The third course to precede the entrée was a quartet of cups of celeriac velute. This lightly truffled and very aromatic soup made me wonder whether I would make it to the main course but, fortunately, the pace slowed down and we continued to take delight in the first three courses and enjoy the first glass of the Grüner Veltliner, which had a light gold color, green apple and olive on the nose, melon tasting notes, a rather innocuous start but a wonderfully acidic finish.
As we finished our starters the heritage black turkey arrived at the table. The breast was slow roasted and accompanied by giblet gravy and there was a single confit leg, which I quickly claimed. The leg was extraordinary and the breast was tender and juicy with just the right flavor. The Heritage Black Turkey is an old breed, the Joyce Farms website explains, one of the first to have been developed from Native American stock. Heritage turkeys, I have learnt, are bred to retain historic characteristics that are no longer present in other domestic turkeys and they can be raised in a manner that matches the life cycle and natural behavior of wild turkeys.
The stuffing and herb infused compound butter under the skin of the organic turkey was intended to be “a call back to freshly hunted wild turkeys and sage dug just barely still green from its protective layer of snow,” Fraueneder said. “It’s been injected with a light brine and immediately interred to the oven where it spent a few hours at a low temperature, until the skin revealed its golden crispness.”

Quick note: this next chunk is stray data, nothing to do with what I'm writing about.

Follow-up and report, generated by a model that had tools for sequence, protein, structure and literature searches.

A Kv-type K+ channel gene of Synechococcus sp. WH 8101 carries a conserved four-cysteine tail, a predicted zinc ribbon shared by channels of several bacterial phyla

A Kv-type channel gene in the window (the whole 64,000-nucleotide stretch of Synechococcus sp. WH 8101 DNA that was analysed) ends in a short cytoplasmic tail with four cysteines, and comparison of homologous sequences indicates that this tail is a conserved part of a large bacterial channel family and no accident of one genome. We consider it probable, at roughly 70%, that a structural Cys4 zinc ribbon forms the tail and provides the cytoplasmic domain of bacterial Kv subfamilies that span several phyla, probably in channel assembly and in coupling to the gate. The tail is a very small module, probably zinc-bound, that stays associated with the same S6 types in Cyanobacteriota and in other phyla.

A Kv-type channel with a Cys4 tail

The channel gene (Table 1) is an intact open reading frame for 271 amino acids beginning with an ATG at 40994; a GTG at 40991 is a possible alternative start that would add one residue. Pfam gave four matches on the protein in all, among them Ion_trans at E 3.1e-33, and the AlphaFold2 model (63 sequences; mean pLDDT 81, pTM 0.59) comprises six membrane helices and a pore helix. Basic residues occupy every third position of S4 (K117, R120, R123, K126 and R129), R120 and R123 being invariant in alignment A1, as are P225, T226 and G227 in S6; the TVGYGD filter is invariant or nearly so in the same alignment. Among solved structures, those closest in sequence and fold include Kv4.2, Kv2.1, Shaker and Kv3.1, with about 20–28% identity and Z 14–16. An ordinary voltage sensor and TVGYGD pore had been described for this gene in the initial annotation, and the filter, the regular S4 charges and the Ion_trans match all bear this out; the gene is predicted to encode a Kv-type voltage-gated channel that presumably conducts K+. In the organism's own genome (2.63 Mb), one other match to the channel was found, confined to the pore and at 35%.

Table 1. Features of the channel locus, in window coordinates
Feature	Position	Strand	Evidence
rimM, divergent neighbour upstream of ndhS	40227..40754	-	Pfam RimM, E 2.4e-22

The staff wasn’t done filling our fairly large table to the brim with food. Immediately following the turkey’s arrival came a wonderful baked sourdough-brioche stuffing with roasted chestnuts, lady apples, and sage, green beans with wild mushroom cream and crispy fried onions. The sweet potato brulée – the potatoes had been baked over salt and olive oil and whipped with cream and cloves – was topped with marshmallows and lemon thyme. A delicious Jersey cranberry compote with orange peel and bay leaf came soon thereafter, and the chef told me that the cranberries had been “treated brutally but respectful to the farmers who rake them from their bog, [then] crushed for an hour fresh, with orange zest and fresh bay leaves.”
I can’t leave out the gravy, and I learnt the secret ingredient from Fraueneder, namely a “whisper” of rum.
One accompaniment simply outdid the next and I stared at the table in wonder.
One might presume that we were done once we finished the heritage turkey and four accompaniments, but stopping there was not an option. After the table had been cleared, individual plates with a miniature pumpkin pie accompanied by pumpkin seed-candied ginger ice cream and a miniature Apfelstrudel (not just a slice but an actual miniature of what my grandmother would have made), were accompanied not by Schlagobers but by crème Anglaise and vanilla ice cream.
One day a year, the Wiener Schnitzel steps aside and makes way for turkey with all of the trimmings. In this case, with Edi Fraueneder at the helm, it turned out that this had been in fact a very Austrian Thanksgiving, one celebrated with a top Austrian chef and with small Central European influences to boot, and for that, I truly gave thanks.
109 Washington Street
New York, N.Y. 10006
(Photos: Accura Media Group)